Featured Research

from universities, journals, and other organizations

Preventing Cancer Without Killing Cells

Date:
April 1, 2007
Source:
European Molecular Biology Organization
Summary:
Inducing senescence in aged cells may be sufficient to guard against spontaneous cancer development. It was previously unknown whether cellular senescence or programmed cell death -- apoptosis -- was the more important safeguard mechanism for suppressing tumours arising from dysfunctional telomeres.

Inducing senescence in aged cells may be sufficient to guard against spontaneous cancer development, according to a paper published online this week in EMBO reports. It was previously unknown whether cellular senescence or programmed cell death -- apoptosis -- was the more important safeguard mechanism for suppressing tumours arising from dysfunctional telomeres.

Related Articles


Aged cells have abnormal chromosomes with dysfunctional telomeres -- shorter ends -- that can promote tumorigenesis in the absence of the tumour suppressor p53, and may be related to the higher incidence of cancer in older individuals. However, in the presence of p53, dysfunctional telomeres can induce a permanent arrest of cell growth, known as senescence. Sandy Chang and colleagues studied mutant mice with dysfunctional telomeres and copies of the p53 gene that cannot initiate p53-dependent apoptosis but can execute p53-mediated senescence.

The authors found that activating the senescence pathway was sufficient to suppress spontaneous tumorigenesis. Their findings suggest that, by halting cellular proliferation, p53-mediated senescence may act as an important tumour suppressor mechanism in aged cells.

Reference: Cosme-Blanco W, Shen MF, Lazar AJF, Pathak S, Lozano G, Multani AS, Chang S (2007) Telomere dysfunction suppresses spontaneous tumorigenesis in vivo by initiating p53-dependent cellular senescence. EMBO reports 8: AOP (30 March). DOI: 10.1038/sj.embor.7400937http://www.nature.com/embor/


Story Source:

The above story is based on materials provided by European Molecular Biology Organization. Note: Materials may be edited for content and length.


Cite This Page:

European Molecular Biology Organization. "Preventing Cancer Without Killing Cells." ScienceDaily. ScienceDaily, 1 April 2007. <www.sciencedaily.com/releases/2007/03/070330100712.htm>.
European Molecular Biology Organization. (2007, April 1). Preventing Cancer Without Killing Cells. ScienceDaily. Retrieved February 28, 2015 from www.sciencedaily.com/releases/2007/03/070330100712.htm
European Molecular Biology Organization. "Preventing Cancer Without Killing Cells." ScienceDaily. www.sciencedaily.com/releases/2007/03/070330100712.htm (accessed February 28, 2015).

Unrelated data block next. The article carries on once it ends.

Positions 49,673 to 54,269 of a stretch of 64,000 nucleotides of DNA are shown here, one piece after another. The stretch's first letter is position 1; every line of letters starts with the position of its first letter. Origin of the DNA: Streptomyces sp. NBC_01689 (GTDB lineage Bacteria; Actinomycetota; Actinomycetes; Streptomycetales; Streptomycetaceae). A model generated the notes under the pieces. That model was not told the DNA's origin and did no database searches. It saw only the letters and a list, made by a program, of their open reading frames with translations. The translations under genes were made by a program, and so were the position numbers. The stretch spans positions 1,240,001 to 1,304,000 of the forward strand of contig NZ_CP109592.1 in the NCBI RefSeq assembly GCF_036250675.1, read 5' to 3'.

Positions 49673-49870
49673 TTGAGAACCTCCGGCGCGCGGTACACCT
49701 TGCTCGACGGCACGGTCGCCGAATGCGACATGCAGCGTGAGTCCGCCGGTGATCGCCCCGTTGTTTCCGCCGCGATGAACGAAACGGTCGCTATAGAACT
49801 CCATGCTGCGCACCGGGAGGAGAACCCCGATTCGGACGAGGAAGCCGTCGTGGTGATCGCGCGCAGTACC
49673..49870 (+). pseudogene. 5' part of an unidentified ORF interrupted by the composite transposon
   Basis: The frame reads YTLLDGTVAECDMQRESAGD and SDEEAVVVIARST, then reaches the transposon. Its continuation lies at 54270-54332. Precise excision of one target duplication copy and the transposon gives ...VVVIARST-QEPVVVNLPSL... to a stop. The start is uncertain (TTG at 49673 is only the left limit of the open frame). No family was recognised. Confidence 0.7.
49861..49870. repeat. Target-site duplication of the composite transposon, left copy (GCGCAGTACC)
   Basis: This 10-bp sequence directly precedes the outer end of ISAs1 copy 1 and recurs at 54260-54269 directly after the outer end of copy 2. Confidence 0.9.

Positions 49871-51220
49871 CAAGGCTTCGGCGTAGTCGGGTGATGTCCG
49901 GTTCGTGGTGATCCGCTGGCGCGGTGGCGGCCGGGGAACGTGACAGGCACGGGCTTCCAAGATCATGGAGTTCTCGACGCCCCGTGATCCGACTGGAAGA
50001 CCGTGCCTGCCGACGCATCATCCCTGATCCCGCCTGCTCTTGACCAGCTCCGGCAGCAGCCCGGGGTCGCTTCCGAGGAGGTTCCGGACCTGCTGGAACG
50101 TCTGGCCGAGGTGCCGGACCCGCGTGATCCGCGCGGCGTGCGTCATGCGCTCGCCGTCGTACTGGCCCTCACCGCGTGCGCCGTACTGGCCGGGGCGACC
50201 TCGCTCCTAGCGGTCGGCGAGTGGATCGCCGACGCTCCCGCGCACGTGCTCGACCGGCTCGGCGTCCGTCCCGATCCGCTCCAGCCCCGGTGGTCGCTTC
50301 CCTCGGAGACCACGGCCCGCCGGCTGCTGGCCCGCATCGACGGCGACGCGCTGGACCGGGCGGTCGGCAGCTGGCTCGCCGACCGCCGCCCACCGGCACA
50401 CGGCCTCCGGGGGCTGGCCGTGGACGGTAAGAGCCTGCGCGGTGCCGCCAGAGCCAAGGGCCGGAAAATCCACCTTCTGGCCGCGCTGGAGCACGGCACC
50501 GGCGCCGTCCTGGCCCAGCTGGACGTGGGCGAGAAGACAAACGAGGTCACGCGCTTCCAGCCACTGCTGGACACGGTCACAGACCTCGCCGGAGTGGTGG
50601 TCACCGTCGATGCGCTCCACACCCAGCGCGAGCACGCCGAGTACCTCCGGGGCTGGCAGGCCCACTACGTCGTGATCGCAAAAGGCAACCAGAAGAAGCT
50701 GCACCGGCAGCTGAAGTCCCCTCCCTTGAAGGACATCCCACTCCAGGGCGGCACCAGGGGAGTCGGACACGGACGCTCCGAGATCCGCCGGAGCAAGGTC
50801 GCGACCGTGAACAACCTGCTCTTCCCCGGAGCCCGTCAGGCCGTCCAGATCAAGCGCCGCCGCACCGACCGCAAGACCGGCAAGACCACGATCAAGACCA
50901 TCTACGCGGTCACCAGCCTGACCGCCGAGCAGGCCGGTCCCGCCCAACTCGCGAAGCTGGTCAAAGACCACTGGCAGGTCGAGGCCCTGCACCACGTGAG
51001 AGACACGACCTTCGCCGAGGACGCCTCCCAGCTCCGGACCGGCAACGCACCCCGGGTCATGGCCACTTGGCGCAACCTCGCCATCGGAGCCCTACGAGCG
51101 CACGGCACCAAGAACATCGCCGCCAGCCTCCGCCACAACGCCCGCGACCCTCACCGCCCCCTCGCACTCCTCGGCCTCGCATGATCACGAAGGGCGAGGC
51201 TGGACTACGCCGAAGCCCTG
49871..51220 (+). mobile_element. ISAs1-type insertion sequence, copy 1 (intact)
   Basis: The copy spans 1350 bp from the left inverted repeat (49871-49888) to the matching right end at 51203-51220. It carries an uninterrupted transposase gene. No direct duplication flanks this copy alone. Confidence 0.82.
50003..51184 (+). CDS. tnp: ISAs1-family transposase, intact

Share This


More From ScienceDaily



More Health & Medicine News

Saturday, February 28, 2015

Featured Research

from universities, journals, and other organizations


Featured Videos

from AP, Reuters, AFP, and other news services

Could a $34 Smartphone Device Improve HIV Diagnosis in Africa?

Could a $34 Smartphone Device Improve HIV Diagnosis in Africa?

Reuters - Innovations Video Online (Feb. 27, 2015) A dongle that plugs into a Smartphone mimics a lab-based blood test for HIV and syphilis and can detect the diseases in 15 minutes, say researchers. Tara Cleary reports. Video provided by Reuters
Powered by NewsLook.com
Doctor Says Head Transplants Possible Within Two Years

Doctor Says Head Transplants Possible Within Two Years

Buzz60 (Feb. 27, 2015) An Italian doctor is saying he could stick someone&apos;s head onto someone else&apos;s body. Patrick Jones (@Patrick_E_Jones) reports. Video provided by Buzz60
Powered by NewsLook.com
How Your Dentist Could Help Screen You For Diabetes

How Your Dentist Could Help Screen You For Diabetes

Newsy (Feb. 27, 2015) A new study from researchers at New York University suggests dentists could soon use blood samples taken from patients&apos; mouths to test for diabetes. Video provided by Newsy
Powered by NewsLook.com
The Best Tips to Makeover Your Health

The Best Tips to Makeover Your Health

Buzz60 (Feb. 27, 2015) If you&apos;re looking to boost your health this season, there are a few quick and easy steps to prompt you for success. Krystin Goodwin (@Krystingoodwin) has the best tips to give your health a makeover this spring! Video provided by Buzz60
Powered by NewsLook.com

Search ScienceDaily

Number of stories in archives: 140,361

Find with keyword(s):
Enter a keyword or phrase to search ScienceDaily for related topics and research stories.

Save/Print:
Share:

Breaking News:

Strange & Offbeat Stories


Health & Medicine

Mind & Brain

Living & Well

In Other News

... from NewsDaily.com

Science News

Health News

Environment News

Technology News



Save/Print:
Share:

Free Subscriptions


Get the latest science news with ScienceDaily's free email newsletters, updated daily and weekly. Or view hourly updated newsfeeds in your RSS reader:

Get Social & Mobile


Keep up to date with the latest news from ScienceDaily via social networks and mobile apps:

Have Feedback?


Tell us what you think of ScienceDaily -- we welcome both positive and negative comments. Have any problems using the site? Questions?
Mobile: iPhone Android Web
Follow: Facebook Twitter Google+
Subscribe: RSS Feeds Email Newsletters
Latest Headlines Health & Medicine Mind & Brain Space & Time Matter & Energy Computers & Math Plants & Animals Earth & Climate Fossils & Ruins